As We Recall Brown v. Board, Remember CCNY Psychologist Kenneth Clark

psych_slider1This Saturday marks the 60th anniversary of the landmark Brown v. Board of Education decisionthe Supreme Court case that delegitimatized the "separate but equal" standard when applied race-based segregation in public schools. This year has marked the 75th anniversary of the Colin Powell School of Civic and Global Leadership's Department of Psychology. During this time, faculty have produced extraordinary contributions in their field, including research that has had wide-reaching societal impact. One of the more notable examples of this is Kenneth Clark. While an Assistant Professor at CCNY, Clark and his wife, Mamie, a psychologist working with children in Harlem, studied children's attitudes about race through experiments with dolls. These studies revealed the pernicious effects of segregation on children. Chief Justice Earl Warren, who wrote the majority opinion in the unanimous decision striking down segregation in schools as unconstitutional, specifically cited the findings from the Clarks' 1950 paper. Kenneth Clark was the first tenured African-American professor at City College of New York and in 1971 was designated president of the American Psychological Association.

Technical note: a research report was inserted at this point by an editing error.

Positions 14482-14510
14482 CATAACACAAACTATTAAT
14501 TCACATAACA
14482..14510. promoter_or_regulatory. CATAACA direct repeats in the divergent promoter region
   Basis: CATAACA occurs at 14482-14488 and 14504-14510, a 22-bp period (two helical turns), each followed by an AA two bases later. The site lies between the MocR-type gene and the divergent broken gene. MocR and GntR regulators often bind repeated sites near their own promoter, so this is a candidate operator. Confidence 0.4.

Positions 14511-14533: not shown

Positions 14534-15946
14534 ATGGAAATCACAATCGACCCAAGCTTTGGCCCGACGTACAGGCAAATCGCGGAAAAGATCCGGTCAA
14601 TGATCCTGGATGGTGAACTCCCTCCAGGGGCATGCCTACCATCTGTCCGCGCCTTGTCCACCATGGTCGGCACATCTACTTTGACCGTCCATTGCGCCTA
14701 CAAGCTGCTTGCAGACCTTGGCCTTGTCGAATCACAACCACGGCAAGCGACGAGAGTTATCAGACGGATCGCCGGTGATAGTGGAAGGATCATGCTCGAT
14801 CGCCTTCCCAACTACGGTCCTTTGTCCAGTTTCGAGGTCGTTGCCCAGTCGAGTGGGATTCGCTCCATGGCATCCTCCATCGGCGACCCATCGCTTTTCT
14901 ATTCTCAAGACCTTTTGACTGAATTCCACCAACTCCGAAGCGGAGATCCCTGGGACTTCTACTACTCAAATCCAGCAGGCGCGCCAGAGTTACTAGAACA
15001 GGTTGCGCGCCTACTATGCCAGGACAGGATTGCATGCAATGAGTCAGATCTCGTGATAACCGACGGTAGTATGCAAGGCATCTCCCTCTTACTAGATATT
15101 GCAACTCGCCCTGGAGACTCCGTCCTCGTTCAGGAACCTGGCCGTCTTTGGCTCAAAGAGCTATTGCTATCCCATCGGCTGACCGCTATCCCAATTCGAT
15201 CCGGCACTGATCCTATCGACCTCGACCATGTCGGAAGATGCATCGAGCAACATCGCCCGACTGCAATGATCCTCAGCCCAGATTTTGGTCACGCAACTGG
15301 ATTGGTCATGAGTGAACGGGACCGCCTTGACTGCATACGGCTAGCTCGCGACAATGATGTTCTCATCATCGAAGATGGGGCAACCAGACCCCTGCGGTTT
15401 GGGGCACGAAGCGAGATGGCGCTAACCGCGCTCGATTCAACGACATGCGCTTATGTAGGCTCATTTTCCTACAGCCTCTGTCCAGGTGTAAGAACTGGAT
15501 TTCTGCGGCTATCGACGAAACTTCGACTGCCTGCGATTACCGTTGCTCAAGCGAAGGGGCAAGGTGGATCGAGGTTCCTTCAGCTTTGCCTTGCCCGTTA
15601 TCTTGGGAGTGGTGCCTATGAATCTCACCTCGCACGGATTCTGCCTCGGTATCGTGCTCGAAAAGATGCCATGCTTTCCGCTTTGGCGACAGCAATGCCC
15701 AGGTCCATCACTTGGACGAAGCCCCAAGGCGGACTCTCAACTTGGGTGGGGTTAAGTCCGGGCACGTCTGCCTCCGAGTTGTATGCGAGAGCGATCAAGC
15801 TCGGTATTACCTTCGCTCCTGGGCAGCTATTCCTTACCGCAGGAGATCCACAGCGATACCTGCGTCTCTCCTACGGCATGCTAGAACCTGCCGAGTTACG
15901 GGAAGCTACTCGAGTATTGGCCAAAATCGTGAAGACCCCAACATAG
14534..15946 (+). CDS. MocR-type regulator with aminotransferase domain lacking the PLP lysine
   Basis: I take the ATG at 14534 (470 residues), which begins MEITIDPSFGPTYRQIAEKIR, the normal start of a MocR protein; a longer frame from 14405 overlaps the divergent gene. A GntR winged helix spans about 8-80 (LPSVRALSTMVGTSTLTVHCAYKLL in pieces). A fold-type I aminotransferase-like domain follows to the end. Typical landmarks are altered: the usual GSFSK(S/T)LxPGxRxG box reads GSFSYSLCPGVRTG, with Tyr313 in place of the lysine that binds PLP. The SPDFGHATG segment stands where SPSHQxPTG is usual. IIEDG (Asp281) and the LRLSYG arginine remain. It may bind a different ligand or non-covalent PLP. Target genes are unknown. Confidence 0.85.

On June 5, the Department of Psychology will celebrate this and other contributions in the culminating event of the year, "The Social World and the Meaning of the Message: A 75th Anniversary Celebration of the Psychology Department at the Colin Powell School for Civic and Global Leadership.” This conference both celebrates the past 75 years and looks ahead to the future. There will be a keynote address by Drew Westen, author of The Political Brain, The Role of Emotion in Deciding the Fate of the Nation, and two panels. The first panel will feature research highlights including those of Kenneth Clark. The second panel looks at the future of social messaging, including its importance to and use in political messaging. Visit our eventbrite page for more information and to RSVP.

Visit the Department of Psychology's website.

Read the president's proclamation on the sixtieth anniversary of Brown v. Board.